Dr. Michael Osterholm (‘75) gives Farwell Distinguished Lecture

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For over 40 years, the Farwell Distinguished Lecture series has been a campus-wide event held in the Center for Faith and Life, open to the public. This year, due to the ongoing COVID-19 pandemic and the current safety guidelines, the event on Thursday, October 15, at 7:00 pm was hosted via Zoom.

This fall’s Farwell Distinguished Lecture was given by Dr. Michael Osterholm (‘75), an epidemiologist, member of Luther’s Board of Regents, and director of the Center of Infectious Disease Research and Policy at the University of Minnesota. In his lecture, he discussed the beginnings of the COVID-19 crisis, how politics intersected with this global issue, and hypothesized about the future regarding the virus.

At the beginning of Osterholm’s address, he gave a brief overview of the development of the COVID-19 pandemic, from an epidemiological perspective. Osterholm and the Center for Infectious Disease Research and Policy began tracking the virus in November of last year, when the first reports were coming out of Wuhan, China. At first, the news that the illness was a coronavirus brought a sense of relief to the medical community, as similar diseases are thought to be containable. By January, they discovered that this was not the case with the newly christened COVID-19 disease.

“Some people who’d had no known exposure to ill people were also becoming infected, suggesting some people who were transmitting the virus were totally asymptomatic,” Osterholm said. “That was very concerning to us. As we saw the epidemic in the area expand, now including other countries in Asia, we realized we had a real problem on our hands. On January 20th, I put a statement out from our center saying that this would be the next global pandemic, a worldwide epidemic of an agent that could infect all of us.”
At the time that this announcement was made, Osterholm felt that few believed him. However, when his prediction that the virus would manifest in the United States at the beginning of March came true, more ears were willing to listen. By mid-April, COVID-19 became the number one day-by-day cause of death in the country. Social distancing measures went into effect, and while daily case numbers fell, pandemic fatigue soon set in, and by mid-July we reached a new high of 67,0000 cases a day.

“We recognized early in August that [the limited spread] was likely going to be a temporary situation, that this virus would keep transmitting, until more than 50% to 70% of the population had become infected and developed immunity,” Osterholm said. “Today, we sit at 10% of our population in this country that has been infected with this virus. For all the pain, suffering, and economic disruption, as well as death, only 10% have been infected. To achieve herd immunity, we have a lot of pain, suffering, death, and disruption to come.”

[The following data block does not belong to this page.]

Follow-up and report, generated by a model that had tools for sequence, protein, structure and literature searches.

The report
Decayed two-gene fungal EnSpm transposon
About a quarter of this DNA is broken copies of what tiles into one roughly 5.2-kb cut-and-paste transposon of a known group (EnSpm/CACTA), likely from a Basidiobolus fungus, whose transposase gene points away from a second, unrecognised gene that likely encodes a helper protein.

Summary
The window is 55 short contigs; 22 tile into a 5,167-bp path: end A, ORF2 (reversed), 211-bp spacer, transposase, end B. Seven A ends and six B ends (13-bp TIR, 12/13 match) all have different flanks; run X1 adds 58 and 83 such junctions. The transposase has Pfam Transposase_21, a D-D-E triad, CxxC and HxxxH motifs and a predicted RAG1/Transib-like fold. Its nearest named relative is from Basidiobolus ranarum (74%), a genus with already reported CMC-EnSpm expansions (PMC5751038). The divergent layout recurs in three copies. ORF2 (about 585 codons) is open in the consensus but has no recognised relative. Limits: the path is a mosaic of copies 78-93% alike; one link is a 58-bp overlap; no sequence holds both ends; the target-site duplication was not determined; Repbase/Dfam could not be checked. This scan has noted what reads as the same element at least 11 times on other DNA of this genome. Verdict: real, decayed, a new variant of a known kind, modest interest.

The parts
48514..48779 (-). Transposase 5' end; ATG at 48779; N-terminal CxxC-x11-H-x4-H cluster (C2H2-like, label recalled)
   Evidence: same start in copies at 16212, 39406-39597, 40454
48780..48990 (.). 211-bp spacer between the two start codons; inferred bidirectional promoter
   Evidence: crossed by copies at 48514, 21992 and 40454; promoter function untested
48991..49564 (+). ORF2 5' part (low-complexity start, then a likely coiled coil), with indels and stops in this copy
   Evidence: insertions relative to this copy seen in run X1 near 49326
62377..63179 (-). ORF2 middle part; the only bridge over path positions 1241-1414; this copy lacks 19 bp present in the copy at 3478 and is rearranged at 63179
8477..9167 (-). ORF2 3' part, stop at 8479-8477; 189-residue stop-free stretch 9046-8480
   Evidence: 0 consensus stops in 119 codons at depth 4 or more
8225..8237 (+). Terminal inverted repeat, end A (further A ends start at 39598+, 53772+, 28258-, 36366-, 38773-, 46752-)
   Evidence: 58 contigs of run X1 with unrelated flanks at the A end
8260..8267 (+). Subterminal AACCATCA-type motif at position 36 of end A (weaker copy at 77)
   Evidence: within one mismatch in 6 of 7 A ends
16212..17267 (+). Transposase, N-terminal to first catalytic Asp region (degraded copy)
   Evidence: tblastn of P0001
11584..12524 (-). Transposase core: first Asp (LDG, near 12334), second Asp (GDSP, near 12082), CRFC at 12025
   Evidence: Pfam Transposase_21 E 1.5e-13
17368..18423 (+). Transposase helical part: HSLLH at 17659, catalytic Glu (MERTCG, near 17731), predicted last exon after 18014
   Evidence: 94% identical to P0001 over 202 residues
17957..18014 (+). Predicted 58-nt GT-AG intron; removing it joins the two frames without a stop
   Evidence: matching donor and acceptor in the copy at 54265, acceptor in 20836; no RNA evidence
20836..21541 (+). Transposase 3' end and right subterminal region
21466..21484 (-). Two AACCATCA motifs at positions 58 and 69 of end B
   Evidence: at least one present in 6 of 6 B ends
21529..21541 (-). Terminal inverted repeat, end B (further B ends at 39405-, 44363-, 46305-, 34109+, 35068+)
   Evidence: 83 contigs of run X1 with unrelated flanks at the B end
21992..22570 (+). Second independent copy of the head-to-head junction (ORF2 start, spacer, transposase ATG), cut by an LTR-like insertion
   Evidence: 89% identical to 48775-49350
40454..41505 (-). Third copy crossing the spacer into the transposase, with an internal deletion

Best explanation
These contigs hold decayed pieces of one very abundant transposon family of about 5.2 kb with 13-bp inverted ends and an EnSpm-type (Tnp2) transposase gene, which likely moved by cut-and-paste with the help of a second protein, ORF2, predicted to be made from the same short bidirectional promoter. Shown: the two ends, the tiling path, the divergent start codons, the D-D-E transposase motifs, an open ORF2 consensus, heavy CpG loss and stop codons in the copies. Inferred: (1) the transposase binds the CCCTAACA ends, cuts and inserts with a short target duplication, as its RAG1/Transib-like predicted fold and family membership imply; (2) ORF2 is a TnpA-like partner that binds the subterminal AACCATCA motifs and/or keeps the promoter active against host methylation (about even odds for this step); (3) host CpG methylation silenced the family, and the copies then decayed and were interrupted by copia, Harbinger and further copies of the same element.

Osterholm detailed how the virus is spreading primarily in the upper Midwest at this point, and constant public vigilance is key to preventing the rampant spread of COVID-19. Avoidance of large population settings, compliance with mask and PPE recommendations, and limited travel are all measures the Luther community can take to protect themselves and others. Osterholm also addressed the development of a COVID-19 vaccine.
“Right now, we are hoping that the vaccines may work 50-60% of the time, anything above that will be seen as a gift,” Osterholm said. “We also understand that there is a tremendous amount of reluctance to get vaccinated, around safety issues and so forth, understandably so. I can promise you that the public health community will not allow a vaccine to be used by the public, if they are in charge and in control, if in fact it is not found to be safe and effective.”

Osterholm’s Farwell Distinguished Lecture served as the inaugural event to introduce the Global Health major at Luther College. This new major has been in the works since 2017, and was launched this fall. The major was constructed by the Global Health Board, on which Program Director and Professor of Biology Scott Carlson serves.
“This field of study seeks to advance health care and health education, with the goal of achieving global equity and development,” Carlson said in his introduction to the lecture. “[Our discipline] also strives to reduce the prevalence of global disease that threatens and diminishes lives and wellbeing.”

For those who missed the lecture, a recording has been posted on the Luther College events page.

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